Iraq Tackles Health Care Reform

By Omar al-Shaher for Al-Monitor. Any opinions expressed are those of the author, and do not necessarily reflect the views of Iraq Business News.

The Iraqi Ministry of Health is engaged in a study regarding the possibility of enacting a health care law, which is supposed to be the cornerstone of Iraq’s plan to improve the level of health services provided by medical institutions and to provide a new source of funding.

Iraq allocates an estimated $5 billion annually to cover the needs of the health sector, whose infrastructure is limited.

The ministry said it formed three specialized committees that are working on putting in place the primary structure for a health care draft law in the country, before it is debated by the legislative institution.

Ministry spokesman Ziad Tariq said that the first committee is charged with studying the health systems of various countries, and looking at how Iraq’s draft law could benefit from their experiences. The second committee is studying the Iraqi health system and identifying its major needs, while the third committee is dealing with financial matters related to the application of this law.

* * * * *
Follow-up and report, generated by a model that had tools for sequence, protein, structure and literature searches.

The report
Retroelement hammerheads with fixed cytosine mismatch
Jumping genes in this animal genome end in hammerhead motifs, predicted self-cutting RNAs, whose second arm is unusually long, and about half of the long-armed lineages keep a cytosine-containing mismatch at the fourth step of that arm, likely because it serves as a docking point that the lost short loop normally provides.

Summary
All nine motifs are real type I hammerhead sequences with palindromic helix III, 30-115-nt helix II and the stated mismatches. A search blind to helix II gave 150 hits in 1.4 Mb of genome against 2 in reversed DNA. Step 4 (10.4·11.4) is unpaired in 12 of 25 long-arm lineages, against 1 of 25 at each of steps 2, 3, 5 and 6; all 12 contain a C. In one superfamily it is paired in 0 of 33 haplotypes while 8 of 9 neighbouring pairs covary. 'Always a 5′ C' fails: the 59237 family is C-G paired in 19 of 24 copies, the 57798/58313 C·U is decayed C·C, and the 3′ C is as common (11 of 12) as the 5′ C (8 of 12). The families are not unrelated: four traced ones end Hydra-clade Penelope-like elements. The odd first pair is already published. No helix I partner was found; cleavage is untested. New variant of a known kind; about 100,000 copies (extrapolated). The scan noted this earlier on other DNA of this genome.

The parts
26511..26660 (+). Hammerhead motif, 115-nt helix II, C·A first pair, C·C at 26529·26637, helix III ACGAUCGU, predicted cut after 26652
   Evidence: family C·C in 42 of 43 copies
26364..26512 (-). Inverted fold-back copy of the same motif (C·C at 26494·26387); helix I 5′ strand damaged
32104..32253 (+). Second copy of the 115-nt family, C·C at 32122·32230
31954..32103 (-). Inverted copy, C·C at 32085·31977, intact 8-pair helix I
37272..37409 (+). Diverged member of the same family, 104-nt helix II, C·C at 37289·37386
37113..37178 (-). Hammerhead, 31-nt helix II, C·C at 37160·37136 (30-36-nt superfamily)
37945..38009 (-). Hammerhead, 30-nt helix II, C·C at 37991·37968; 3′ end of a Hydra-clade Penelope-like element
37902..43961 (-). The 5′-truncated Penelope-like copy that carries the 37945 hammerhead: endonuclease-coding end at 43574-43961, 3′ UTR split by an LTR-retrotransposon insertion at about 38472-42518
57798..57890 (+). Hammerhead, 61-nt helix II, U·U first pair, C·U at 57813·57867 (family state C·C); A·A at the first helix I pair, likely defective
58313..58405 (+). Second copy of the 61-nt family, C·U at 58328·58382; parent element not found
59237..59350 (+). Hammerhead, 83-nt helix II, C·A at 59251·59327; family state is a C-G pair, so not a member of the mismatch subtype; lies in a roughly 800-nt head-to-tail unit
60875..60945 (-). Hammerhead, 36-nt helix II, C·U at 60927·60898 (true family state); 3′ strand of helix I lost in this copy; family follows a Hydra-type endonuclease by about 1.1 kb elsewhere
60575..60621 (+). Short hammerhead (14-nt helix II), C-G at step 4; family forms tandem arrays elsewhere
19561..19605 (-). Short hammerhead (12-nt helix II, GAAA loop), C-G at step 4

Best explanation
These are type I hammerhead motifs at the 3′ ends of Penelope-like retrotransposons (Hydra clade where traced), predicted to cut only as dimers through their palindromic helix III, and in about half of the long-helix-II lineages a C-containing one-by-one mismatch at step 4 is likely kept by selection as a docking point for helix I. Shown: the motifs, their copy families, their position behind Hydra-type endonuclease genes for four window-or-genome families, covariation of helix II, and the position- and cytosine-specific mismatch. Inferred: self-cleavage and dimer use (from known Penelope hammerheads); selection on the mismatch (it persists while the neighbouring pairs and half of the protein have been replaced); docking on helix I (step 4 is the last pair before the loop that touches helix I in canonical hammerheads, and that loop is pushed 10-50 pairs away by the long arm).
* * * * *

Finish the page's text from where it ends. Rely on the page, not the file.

The chairperson of the Health Committee in the Iraqi Parliament, Liqaa al-Yassin, said that over the past few years the Ministry of Health has only been able to spend about half of its share in Iraq’s budget. She asks: “What is the point in legislating a new law that is basically aimed at acquiring additional financial returns?”

In Iraq, the process for any new legislation begins with the ministry or the executive party that is drafting a law. It is then sent to the state’s Shura Council, which is responsible for determining legal validity. It is then forwarded to the Council of Ministers to be discussed and ratified. Finally, it is referred to the Council of Representatives for approval or rejection.

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